Risk Assessment of Shell Eggs Internally Contaminated with Salmonella Enteritidis
In August 2011, Health Canada's Food Directorate completed a risk assessment focussed on Salmonella Enteritidis in shell eggs that provides estimates of the risk to human health and the effectiveness of risk management options.
The risk assessment was conducted to determine the health risks associated with the consumption of Canadian grade A eggs internally contaminated with S. Enteritidis. The results of the risk assessment demonstrated that 96% of exposures are from eggs handled under ideal storage and handling conditions and these are responsible for 49% of human illnesses. Only 0.6% of exposures are from eggs handled under the most abusive time/temperature conditions. These findings suggested that risk management options targeting both contaminated egg prevalence and the number of illnesses that result from an S. Enteritidis-contaminated egg would be appropriate.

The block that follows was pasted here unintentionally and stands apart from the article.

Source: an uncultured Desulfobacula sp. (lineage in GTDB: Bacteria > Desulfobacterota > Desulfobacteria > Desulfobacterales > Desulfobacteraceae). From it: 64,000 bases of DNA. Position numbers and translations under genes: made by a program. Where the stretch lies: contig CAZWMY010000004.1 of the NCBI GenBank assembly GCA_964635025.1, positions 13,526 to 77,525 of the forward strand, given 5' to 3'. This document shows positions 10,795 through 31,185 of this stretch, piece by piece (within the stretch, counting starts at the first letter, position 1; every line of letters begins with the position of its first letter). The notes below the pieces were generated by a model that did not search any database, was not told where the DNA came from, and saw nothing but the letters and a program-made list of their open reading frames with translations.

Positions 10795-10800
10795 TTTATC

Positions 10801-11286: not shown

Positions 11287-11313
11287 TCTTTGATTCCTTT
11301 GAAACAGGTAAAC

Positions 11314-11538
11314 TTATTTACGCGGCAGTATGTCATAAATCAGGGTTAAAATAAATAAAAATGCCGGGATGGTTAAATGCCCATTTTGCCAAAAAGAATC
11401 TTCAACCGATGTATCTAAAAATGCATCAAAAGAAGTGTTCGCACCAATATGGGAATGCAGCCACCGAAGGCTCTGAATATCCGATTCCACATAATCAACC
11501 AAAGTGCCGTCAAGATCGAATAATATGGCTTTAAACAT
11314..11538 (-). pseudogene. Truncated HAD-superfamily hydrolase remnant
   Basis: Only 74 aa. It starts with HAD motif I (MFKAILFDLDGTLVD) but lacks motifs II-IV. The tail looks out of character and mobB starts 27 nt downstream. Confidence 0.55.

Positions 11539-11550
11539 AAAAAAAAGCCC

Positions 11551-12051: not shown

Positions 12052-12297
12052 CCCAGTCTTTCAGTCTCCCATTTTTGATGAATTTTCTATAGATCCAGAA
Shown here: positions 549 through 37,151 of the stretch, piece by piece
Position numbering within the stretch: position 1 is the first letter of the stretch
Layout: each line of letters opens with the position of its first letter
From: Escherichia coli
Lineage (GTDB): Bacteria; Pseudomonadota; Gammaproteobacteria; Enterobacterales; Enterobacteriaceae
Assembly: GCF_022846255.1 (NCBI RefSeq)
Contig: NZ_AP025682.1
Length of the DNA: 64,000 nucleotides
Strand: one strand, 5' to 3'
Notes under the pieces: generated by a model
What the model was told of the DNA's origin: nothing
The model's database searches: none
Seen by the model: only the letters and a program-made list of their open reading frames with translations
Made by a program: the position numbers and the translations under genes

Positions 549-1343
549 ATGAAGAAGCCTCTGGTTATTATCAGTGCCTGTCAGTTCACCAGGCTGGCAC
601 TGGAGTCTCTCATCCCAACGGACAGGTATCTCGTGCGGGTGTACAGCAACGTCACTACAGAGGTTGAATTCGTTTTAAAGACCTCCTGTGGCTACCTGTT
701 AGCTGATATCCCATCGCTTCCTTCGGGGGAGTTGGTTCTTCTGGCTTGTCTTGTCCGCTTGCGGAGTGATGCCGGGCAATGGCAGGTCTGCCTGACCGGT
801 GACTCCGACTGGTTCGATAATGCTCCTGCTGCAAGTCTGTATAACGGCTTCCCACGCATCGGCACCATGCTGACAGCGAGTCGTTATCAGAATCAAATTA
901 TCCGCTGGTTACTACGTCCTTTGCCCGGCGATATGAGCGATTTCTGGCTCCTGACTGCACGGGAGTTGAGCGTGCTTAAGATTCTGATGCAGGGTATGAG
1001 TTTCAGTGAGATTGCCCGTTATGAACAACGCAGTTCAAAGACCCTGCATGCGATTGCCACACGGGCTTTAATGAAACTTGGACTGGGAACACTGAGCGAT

This risk assessment also directed the development of a guidance document, Health Canada Guidance on Reducing the Risk of Salmonella Enteritidis in Shell Eggs Produced in Canada in ongoing efforts to reduce the risk of foodborne illness due to S. Enteritidis in shell eggs.
To obtain an electronic copy of the document, Risk Assessment of Shell Eggs Internally Contaminated with Salmonella Enteritidis, please contact our publications office or send an e-mail to firstname.lastname@example.org with the subject heading "HPFB BMH Risk Assessment of Shell Eggs Internally Contaminated with Salmonella Enteritidis-eng".
Report a problem or mistake on this page
- Date modified: